E ISSN: 2583-049X

International Journal of Advanced Multidisciplinary Research and Studies

Volume 3, Issue 2, 2023

Samuel Beckett’s Endgame, the reimagining of Tragedy

Author(s): Peyman Salehi


This study delves into the intricacies of Tragedy in Samuel Beckett's Endgame, a work that defies traditional Tragic conventions with its flat plot style. Through an exploration of various interpretations and definitions of tragedy, the study highlights the notion that the fundamental value of Tragedy in the works of literature, lies in the concept of catharsis. The study also examines the theories of the Theatre of the Absurd, as a movement that aims to convey the futility and purposelessness of life, arguing that it effectively wakes the audience up to the reality of decay and death. Drawing on Martin Esslin's Absurdist theater, and the work of Jean Paul Sartre concerning the Existentialist philosophy, the paper portrays the Absurdist movement as a necessary and benevolent evil that liberates the human mind, which is also instrumental in illuminating Beckett's reimagining of Tragedy. The paper will further on argue that despite being deemed incongruous within traditional works of Tragedy, the Endgame's form is secondary to its effect, since it utilizes an unconventional method in eliciting a cathartic response in the audience, elevating it to the status of a problematic Tragedy, but a Tragedy nonetheless. It is further on delineated that Beckett's perspective on humanity is bleak and uncompromising, as all the characters introduced in his play are equally miserable creatures bewildered by illusions of grandeur, with no agency or signifying identity such as Hero or Anti-hero applicable to their futile existence. Ironically, the debates surrounding whether or not Endgame qualifies as a proper Tragedy may align with Beckett's original intentions, as he reimagines his singular design by allowing catharsis while denying the consolations and closures offered in classic Tragedies.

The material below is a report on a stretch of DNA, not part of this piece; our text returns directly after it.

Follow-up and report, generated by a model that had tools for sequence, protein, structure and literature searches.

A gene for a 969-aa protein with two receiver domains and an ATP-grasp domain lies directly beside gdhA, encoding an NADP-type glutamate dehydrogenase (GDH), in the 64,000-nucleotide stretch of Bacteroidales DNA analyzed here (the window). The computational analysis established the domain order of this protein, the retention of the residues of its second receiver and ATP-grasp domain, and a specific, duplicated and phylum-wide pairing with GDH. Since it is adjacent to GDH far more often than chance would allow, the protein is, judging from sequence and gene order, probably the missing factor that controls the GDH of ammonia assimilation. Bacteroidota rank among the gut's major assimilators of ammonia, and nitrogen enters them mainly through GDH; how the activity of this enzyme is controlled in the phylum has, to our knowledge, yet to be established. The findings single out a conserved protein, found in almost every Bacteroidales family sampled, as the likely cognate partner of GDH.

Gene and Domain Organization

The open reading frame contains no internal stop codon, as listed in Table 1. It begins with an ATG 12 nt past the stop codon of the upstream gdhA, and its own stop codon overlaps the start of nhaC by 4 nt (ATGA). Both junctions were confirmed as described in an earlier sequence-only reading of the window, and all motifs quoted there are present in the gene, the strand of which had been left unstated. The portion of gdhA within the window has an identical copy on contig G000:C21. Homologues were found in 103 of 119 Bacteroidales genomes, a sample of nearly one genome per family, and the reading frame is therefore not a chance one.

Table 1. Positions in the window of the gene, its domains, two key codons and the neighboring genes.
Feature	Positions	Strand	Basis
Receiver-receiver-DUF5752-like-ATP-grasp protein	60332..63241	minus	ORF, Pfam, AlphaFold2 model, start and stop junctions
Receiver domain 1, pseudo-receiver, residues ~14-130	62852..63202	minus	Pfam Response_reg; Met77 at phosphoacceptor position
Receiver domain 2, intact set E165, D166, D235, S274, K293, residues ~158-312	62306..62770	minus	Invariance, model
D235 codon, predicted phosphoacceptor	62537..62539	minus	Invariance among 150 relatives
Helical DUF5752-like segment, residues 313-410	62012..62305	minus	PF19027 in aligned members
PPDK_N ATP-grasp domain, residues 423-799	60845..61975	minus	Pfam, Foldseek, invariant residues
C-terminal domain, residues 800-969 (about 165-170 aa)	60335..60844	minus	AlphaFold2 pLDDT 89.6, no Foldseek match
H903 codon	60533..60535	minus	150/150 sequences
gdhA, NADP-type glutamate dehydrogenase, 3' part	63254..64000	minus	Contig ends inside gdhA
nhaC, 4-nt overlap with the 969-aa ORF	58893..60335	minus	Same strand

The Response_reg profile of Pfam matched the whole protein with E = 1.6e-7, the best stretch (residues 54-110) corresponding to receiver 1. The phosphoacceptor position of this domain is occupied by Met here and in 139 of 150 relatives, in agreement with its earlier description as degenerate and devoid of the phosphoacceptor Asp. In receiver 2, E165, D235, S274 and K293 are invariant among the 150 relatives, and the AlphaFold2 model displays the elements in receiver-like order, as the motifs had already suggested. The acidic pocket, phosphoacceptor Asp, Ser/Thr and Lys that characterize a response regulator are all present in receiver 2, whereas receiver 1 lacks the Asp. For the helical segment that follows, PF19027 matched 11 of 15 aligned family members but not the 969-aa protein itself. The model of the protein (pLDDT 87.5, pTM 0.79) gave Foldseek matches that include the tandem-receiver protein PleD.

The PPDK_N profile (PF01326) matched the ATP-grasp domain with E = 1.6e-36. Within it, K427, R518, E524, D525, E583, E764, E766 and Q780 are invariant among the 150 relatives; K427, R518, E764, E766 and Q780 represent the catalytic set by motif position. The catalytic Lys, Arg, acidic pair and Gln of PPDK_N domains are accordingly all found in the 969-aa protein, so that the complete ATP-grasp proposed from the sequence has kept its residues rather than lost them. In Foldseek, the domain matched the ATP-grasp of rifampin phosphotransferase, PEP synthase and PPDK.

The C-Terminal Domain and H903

Keywords: Samuel Beckett, Endgame, Tragedy, Aristotle, Martin Esslin,

Pages: 582-586

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